The potency tax in Connecticut is per unit. Tax on the plant material is 0.625 cents per milligram of THC, the edibles tax is 2.75 cents per milligram of THC and the remaining products have a 0.9 cent tax per milligram of THC. Since the legalization of cannabis sales in January 2023, local governments can levy a 3% retail tax on all cannabis sales.
The District of Columbia imposes a 6% sales tax on medical marijuana and recreational marijuana purchases. However, this territory does not have any additional excise taxes on the sale of marijuana. Federal law does not allow retail sales, cultivation or distribution of cannabis at this stage.
In Illinois, there’s a retailer’s occupation tax on marijuana and an excise tax on the sale of marijuana. The excise tax is based on the drug’s potency. Products containing less than 35% of THC are taxed at a 10% rate. If THC is above 35%, the tax rate is 25%. Cannabis-infused products like edibles have a 20% tax on their retail price. There is also a 7% excise tax on the cultivator’s gross receipts, known as the cultivation privilege tax. The state caps the local tax rate at 3% for municipalities and 3.75% for counties unless there is a municipal tax on the purchase, in which case the county tax will be capped at 3%.
Maine levies a 10% excise tax on cannabis sales as well as a weight-based tax, which cultivators pay and remit. Various parts of the plant get their own rates, which include a $335-per-pound tax on the flowers, $94 per pound on the trim, $1.50 per seedling and $0.35 per seed. The state has no local excise taxes since this taxing system was implemented in November 2020.
Legal sales began in July 2023. Maryland has no local cannabis excise taxes and levies only a 9% excise tax on cannabis products’ retail price.
If you open a dispensary in Massachusetts, the state will collect an excise tax of 10.75% on the retail sale of marijuana with a 6.25 % sales tax and the option for local governments to add a 3% excise tax. There is no tax on marijuana sold for medical use.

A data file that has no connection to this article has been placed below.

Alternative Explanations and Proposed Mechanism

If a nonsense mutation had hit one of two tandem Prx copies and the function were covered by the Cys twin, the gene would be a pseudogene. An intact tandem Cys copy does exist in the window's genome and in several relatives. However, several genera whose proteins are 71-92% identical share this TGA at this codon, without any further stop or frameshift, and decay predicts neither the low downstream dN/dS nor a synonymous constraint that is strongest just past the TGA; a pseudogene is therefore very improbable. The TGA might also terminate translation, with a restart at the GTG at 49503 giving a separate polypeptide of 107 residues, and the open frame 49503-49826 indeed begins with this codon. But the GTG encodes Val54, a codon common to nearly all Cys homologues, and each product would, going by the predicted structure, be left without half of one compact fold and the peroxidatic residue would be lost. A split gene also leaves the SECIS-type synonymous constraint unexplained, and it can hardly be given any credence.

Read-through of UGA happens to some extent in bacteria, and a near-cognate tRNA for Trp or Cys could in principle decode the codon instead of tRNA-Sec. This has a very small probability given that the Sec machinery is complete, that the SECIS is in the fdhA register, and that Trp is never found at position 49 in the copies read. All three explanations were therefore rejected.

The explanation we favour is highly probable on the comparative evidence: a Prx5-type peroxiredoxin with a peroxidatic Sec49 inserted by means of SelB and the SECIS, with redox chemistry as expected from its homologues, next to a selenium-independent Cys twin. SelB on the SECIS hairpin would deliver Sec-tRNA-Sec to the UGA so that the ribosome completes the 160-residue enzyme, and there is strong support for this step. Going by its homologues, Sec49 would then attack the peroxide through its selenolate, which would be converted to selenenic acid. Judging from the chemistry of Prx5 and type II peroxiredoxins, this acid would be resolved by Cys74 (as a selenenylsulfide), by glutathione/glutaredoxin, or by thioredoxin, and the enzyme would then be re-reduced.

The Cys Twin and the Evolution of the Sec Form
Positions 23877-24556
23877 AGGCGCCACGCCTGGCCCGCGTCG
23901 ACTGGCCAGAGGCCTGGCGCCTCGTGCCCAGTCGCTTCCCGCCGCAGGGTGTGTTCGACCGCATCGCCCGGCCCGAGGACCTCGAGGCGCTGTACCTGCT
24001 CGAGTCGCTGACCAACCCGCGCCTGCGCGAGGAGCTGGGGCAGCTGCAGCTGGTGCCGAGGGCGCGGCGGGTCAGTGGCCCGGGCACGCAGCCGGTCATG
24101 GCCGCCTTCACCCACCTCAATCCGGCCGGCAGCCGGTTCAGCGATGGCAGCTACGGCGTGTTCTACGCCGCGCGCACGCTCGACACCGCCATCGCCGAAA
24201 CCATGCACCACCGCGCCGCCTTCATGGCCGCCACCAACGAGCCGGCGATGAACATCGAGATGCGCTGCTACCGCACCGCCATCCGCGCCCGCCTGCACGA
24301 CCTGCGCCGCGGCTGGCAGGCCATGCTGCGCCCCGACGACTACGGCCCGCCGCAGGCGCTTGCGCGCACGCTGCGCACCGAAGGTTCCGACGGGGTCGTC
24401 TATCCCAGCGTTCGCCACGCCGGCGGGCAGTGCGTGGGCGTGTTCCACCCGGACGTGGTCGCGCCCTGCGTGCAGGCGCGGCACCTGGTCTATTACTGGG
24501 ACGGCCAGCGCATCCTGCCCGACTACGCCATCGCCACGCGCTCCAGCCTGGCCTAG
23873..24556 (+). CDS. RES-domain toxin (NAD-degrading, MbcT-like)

Michigan State has no local marijuana excise taxes, but it levies a 10% excise tax in addition to a 6% sales tax on all cannabis sales.
The Michigan Regulation and Taxation of Marihuana Act states that products subject to the excise tax are not to be bundled with products or services not subject to this tax in a single transaction. All marijuana funds collected under this legislation are distributed as follows:
While only nonintoxicating topical products and edible cannabinoids are legal to sell, the state imposes a 10% excise tax on cannabis purchase prices and a 6.87% state sales tax. Sellers must register with the Minnesota Department of Revenue to remit the new Cannabis Tax, which started July 1, 2023.
Local governments allow a levy of up to 4% retail tax on marijuana products for medical use and a 6% excise tax on retail sales for adult use at dispensaries in the state.
Medical marijuana and cannabis products receive a 4% tax, but adult-use marijuana and by-products get a 20% tax. Counties can add local sales tax up to 3% on top of both these taxes.
The state of Nevada has established a Cannabis Compliance Board that oversees all aspects of the cultivation and sale of marijuana in the state. The state charges an excise tax of 10% on retail sales of cannabis and a 15% wholesale tax. Medical sales are not subject to the excise tax.
New Mexico levies a 12% excise tax on marijuana sales with no local cannabis excise taxes. In July 2025, the excise tax will slowly rise over the next five years to 18%. In the Regulation and Licensing Department, the Cannabis Control Division regulates and issues licenses for producers and retailers.
There are two types of taxation on cannabis and its products. These include a 13% excise tax and a poverty-based tax. The latter is 0.05 cents per milligram of THC in flower products, 0.08 cents in concentrates and 3 cents for edibles.
Oklahoma voted to legalize medical marijuana in 2018. Currently, anyone who wants to grow, sell or transport marijuana in Oklahoma needs to apply for a license from the state. Oklahoma has residency requirements for businesses that want a marijuana license. The business will need to have resided in the state for at least two years prior to the date of application or for at least five out of the preceding 25 years.